indigenous separatist or class-based in nature (pre-modern or modern, as it were). Rosa Luxemburg, Antonio Gramsci, Mao
Tse Tsung, Ho Chin-Minh, Franz Fanon and Regis Debray all noted that counter-hegemonic struggles are more ideological
than physical, and that the physical battlefield had to be constructed according to the lay of the socio-economic,
political and cultural environment, not just the lay of the land. Nothing indicates at this point that perpetrating a
terrorist act would generate broad support for a political cause in this country. Even if they had been plotting to
undertake some sort of political violence, the Urewera 17 would have failed to understand the basic realities of
In assessing the potential for terrorism in New Zealand attention should be paid to the problem of creating a separate
body of law that deals with "political crimes," in which the normal rules of natural justice and transparency do not
apply. Like so-called “gateway drugs,” creating a category of “terrorist” crimes represents the beginning of the road
towards criminalising political dissent. When terrorist conspiracy charges can be laid based upon “intent” and “credible
threat,” (as is the case under the 2002 Terrorism Suppression Act (TSA)) it behooves the authorities to offer proof that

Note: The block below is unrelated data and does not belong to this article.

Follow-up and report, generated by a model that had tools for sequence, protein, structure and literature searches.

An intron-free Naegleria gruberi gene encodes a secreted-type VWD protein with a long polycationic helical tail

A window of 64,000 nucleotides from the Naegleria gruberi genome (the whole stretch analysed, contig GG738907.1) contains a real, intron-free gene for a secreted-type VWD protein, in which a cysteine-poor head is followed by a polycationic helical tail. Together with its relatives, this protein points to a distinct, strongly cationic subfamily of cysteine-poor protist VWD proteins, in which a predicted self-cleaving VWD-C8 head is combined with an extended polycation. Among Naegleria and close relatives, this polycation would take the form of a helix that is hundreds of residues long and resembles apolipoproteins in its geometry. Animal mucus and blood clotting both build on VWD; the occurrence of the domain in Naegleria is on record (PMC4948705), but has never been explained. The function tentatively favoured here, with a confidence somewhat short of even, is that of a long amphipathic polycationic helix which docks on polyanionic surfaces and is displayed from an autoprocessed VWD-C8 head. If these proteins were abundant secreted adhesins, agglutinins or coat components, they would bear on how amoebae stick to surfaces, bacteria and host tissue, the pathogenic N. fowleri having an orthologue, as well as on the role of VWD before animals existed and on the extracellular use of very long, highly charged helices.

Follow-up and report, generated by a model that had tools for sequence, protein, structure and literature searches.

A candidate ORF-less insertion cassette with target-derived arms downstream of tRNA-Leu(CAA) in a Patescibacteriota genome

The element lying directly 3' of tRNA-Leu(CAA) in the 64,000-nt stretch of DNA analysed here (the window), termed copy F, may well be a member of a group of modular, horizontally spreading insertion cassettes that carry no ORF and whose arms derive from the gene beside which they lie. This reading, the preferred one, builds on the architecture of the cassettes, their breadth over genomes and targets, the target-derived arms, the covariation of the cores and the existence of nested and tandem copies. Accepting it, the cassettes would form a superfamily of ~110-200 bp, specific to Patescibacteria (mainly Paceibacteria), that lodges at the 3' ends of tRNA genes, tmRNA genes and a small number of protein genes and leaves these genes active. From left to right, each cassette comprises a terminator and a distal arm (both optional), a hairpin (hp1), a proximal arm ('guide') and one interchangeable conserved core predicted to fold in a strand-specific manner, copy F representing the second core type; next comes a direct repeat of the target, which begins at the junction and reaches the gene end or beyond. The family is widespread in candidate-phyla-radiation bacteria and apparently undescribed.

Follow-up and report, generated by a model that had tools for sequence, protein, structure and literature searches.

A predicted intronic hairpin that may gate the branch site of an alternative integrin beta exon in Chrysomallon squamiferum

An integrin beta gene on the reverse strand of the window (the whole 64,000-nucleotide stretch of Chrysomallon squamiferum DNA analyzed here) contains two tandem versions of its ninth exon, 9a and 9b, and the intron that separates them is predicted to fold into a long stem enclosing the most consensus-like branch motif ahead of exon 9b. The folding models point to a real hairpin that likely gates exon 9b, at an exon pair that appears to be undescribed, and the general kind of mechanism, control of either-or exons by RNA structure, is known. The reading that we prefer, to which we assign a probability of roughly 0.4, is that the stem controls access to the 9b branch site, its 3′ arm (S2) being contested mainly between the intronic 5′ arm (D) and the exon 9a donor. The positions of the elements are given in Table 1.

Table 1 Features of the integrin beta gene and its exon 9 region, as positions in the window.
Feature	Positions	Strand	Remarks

at a minimum, the capabilities, preparations, planning and targets involved unequivocally demonstrate both.
What is of concern to civil libertarians is that the Terrorism Suppression Act is broad enough to construe terrorist
intent even if the four elements of a terrorist conspiracy are virtually non-existent, and even if there is little
ideological support for the cause being espoused. That would appear to be the situation of the Urewera 17. But a hard
fact remains. Although the TSA makes things easier for the police when it comes to laying terrorism charges, the real
criteria by which any alleged terrorist conspiracy should be judged are the objective facts, not the letter of that
particular Law. Hard evidence, in the form of the baselines mentioned above, will be important criteria upon which a
jury will decide whether a terrorist conspiracy occurred. The Solicitor General needs to be cognizant of this as he
considers laying charges under the TSA against this heterogeneous group of political dissidents, because if the evidence
is not conclusive then the law itself, to say nothing of public confidence in the judgment of the police, will be
Paul G. Buchanan studies unconventional warfare and its underlying causes.